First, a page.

[00:00] About Ryan Heaney
[01:52] What is the Marc Pro?
[04:12] Effects of Using the Marc Pro
[06:19] The Muscle-Activated Recovery Cascade
[07:49] On Muscle Stimulation
[13:48] Using the Marc Pro
[19:46] Marc Pro & Working Out
[22:40] End of the Podcast
Ben: Hey folks, it's Ben Greenfield here, and a few weeks ago I heard about this new device that can do things like generate new blood vessels and remove waste from muscles more efficiently, maximize flow of your limb fluid throughout your body to help out your immune system, and train your muscle fibers to actually fire with really kind of laser-like precision. So when I got my hands on this device that does this which is called a Marc Pro, I decided I needed to actually do a podcast about it. So what I have or who I have on the call is the president of Marc Pro to explain to us exactly what this thing is, how it works, how this type of electrical muscle stimulation device is different than some of the other things that we've talked about before on the podcast and how exactly it is that you can use it. So Ryan Heaney is my guest today, and Ryan, thanks for coming on the call.
Ryan: Hey, you're welcome. Happy to be here, Ben.
Ben: So Ryan, let's go ahead and start here. What exactly is the story behind this Marc Pro device?
Ryan: Well, our background was really in the medical field, and my family actually started the business many years ago, and you know a lot of success in a lot of different medical areas that sports medicine has been a big part of that, and a lot of the pro athletes using the device for injuries, things like post-op rehab, started reporting back to us that they weren't just waiting 'till they were hurt, they weren't just waiting for the serious issues like post-operation situations, but we're using it just to feel good afterwards. On the buses, on the plane ride home, in the hotel room, and that's pushed us to consider developing a new product in a holding division and in a new company. And in 2011, we started Marc Pro, and just launched a product that is solely focused on sports performance, recovery, and condition. It's not intended to be used as a medical device or replacement for what an orthopedic surgeon is going to do, but it could have a lot of success with anyone from recreational athlete to again, the pro athlete.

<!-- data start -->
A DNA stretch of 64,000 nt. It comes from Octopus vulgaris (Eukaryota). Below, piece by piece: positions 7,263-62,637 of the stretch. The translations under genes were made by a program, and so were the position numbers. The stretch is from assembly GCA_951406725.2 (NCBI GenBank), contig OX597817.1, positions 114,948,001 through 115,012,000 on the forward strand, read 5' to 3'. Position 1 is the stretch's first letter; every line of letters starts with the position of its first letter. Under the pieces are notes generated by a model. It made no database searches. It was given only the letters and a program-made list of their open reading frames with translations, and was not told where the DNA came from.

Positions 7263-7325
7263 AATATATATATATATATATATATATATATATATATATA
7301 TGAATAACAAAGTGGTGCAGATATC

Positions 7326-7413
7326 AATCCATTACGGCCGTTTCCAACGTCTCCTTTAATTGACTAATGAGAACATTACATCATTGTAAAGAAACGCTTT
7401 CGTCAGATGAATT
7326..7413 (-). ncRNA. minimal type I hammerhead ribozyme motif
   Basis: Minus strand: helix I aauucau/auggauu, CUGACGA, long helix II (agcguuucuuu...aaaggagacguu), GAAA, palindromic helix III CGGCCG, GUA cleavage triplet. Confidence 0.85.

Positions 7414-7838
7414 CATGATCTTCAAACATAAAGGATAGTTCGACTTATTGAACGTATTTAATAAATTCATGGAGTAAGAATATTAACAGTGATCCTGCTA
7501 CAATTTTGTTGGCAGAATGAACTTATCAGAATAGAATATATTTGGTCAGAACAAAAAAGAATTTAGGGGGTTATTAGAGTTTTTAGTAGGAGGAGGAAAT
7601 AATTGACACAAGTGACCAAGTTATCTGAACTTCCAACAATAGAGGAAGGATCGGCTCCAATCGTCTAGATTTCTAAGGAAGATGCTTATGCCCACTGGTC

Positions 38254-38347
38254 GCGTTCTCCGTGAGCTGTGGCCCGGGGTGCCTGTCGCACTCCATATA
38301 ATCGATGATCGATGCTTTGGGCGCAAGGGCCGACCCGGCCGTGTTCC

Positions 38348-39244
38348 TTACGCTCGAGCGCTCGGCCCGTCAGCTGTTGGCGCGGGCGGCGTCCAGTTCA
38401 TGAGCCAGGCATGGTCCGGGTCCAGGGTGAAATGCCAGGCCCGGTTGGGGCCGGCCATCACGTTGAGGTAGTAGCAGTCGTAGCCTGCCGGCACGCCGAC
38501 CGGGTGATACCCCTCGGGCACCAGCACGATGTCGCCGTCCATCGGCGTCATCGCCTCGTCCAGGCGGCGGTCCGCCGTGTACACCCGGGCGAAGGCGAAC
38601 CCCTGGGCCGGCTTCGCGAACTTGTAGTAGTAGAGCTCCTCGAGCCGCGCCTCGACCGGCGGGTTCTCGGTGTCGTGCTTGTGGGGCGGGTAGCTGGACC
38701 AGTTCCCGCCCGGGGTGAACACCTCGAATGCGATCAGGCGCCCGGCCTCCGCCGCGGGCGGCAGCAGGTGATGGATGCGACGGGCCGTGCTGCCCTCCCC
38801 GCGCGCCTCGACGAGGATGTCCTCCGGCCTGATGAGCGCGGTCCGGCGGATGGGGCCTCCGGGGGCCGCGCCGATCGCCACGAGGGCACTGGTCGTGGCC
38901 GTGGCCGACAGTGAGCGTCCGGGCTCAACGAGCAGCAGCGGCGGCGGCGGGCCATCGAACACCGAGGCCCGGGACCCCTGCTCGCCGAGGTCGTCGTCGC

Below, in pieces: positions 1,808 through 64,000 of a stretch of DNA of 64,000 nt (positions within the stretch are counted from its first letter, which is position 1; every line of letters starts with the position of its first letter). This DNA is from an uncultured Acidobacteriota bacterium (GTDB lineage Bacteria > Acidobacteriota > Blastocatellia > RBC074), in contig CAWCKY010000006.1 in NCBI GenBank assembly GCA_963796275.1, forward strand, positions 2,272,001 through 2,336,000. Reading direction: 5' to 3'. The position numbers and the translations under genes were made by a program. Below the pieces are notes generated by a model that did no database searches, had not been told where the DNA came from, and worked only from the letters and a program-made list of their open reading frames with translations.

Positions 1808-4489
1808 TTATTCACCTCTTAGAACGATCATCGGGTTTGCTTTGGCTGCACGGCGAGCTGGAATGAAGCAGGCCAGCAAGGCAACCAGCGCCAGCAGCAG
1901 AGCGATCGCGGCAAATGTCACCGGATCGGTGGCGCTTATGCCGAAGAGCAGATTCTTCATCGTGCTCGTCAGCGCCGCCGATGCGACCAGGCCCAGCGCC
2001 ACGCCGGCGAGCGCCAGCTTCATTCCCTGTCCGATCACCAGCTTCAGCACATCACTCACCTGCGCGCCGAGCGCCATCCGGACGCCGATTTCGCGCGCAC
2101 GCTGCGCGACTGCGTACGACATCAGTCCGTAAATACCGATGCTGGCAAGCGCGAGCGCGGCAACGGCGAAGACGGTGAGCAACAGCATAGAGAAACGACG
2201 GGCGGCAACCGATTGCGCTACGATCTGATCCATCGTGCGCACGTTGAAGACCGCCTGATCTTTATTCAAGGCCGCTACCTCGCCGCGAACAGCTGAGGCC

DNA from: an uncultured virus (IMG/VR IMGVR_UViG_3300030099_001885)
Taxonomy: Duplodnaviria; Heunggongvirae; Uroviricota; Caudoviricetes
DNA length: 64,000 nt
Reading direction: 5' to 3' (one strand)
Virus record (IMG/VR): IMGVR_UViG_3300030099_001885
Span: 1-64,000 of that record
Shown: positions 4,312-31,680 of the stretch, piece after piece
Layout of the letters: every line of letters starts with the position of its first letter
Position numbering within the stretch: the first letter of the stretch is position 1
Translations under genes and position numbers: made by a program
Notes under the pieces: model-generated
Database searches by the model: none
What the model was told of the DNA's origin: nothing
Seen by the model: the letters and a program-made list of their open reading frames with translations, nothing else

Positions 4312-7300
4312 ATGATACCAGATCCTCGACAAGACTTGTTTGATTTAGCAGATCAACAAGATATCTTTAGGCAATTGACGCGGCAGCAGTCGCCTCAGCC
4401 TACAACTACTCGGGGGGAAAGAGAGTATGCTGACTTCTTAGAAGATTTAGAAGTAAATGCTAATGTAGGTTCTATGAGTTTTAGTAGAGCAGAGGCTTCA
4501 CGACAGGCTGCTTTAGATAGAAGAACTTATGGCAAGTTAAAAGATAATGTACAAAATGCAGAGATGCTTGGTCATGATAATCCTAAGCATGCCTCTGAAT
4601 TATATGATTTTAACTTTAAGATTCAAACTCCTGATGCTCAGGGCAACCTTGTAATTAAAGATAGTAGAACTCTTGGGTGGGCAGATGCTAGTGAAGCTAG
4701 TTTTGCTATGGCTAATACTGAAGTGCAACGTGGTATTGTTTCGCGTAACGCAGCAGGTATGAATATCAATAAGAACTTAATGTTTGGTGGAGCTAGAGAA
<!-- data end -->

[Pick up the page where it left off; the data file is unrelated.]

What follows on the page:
Ben: So walk me through this, what is it, and how does it work 'cause I've actually got it sitting here in front of me, this handheld controller and you've got some wires you attach to it, but what exactly is it?
Ryan: Yeah, it's certainly a form of electrical stimulation, and you know there's wires that go to the electrodes that stick on your skin, and no doubt the device comes with an instruction book with really just some guidelines on where to put the electrodes for all different parts of the body. But it's as simple as from, you're saying, “Hey, what are the muscles that are tired, sore, fatigued? What's my weak link, an area that I really want to improve, that I want to last longer before it starts to give out and break down?” And you really put the electrodes in that area, and turn the dial on and go. Application is really simple.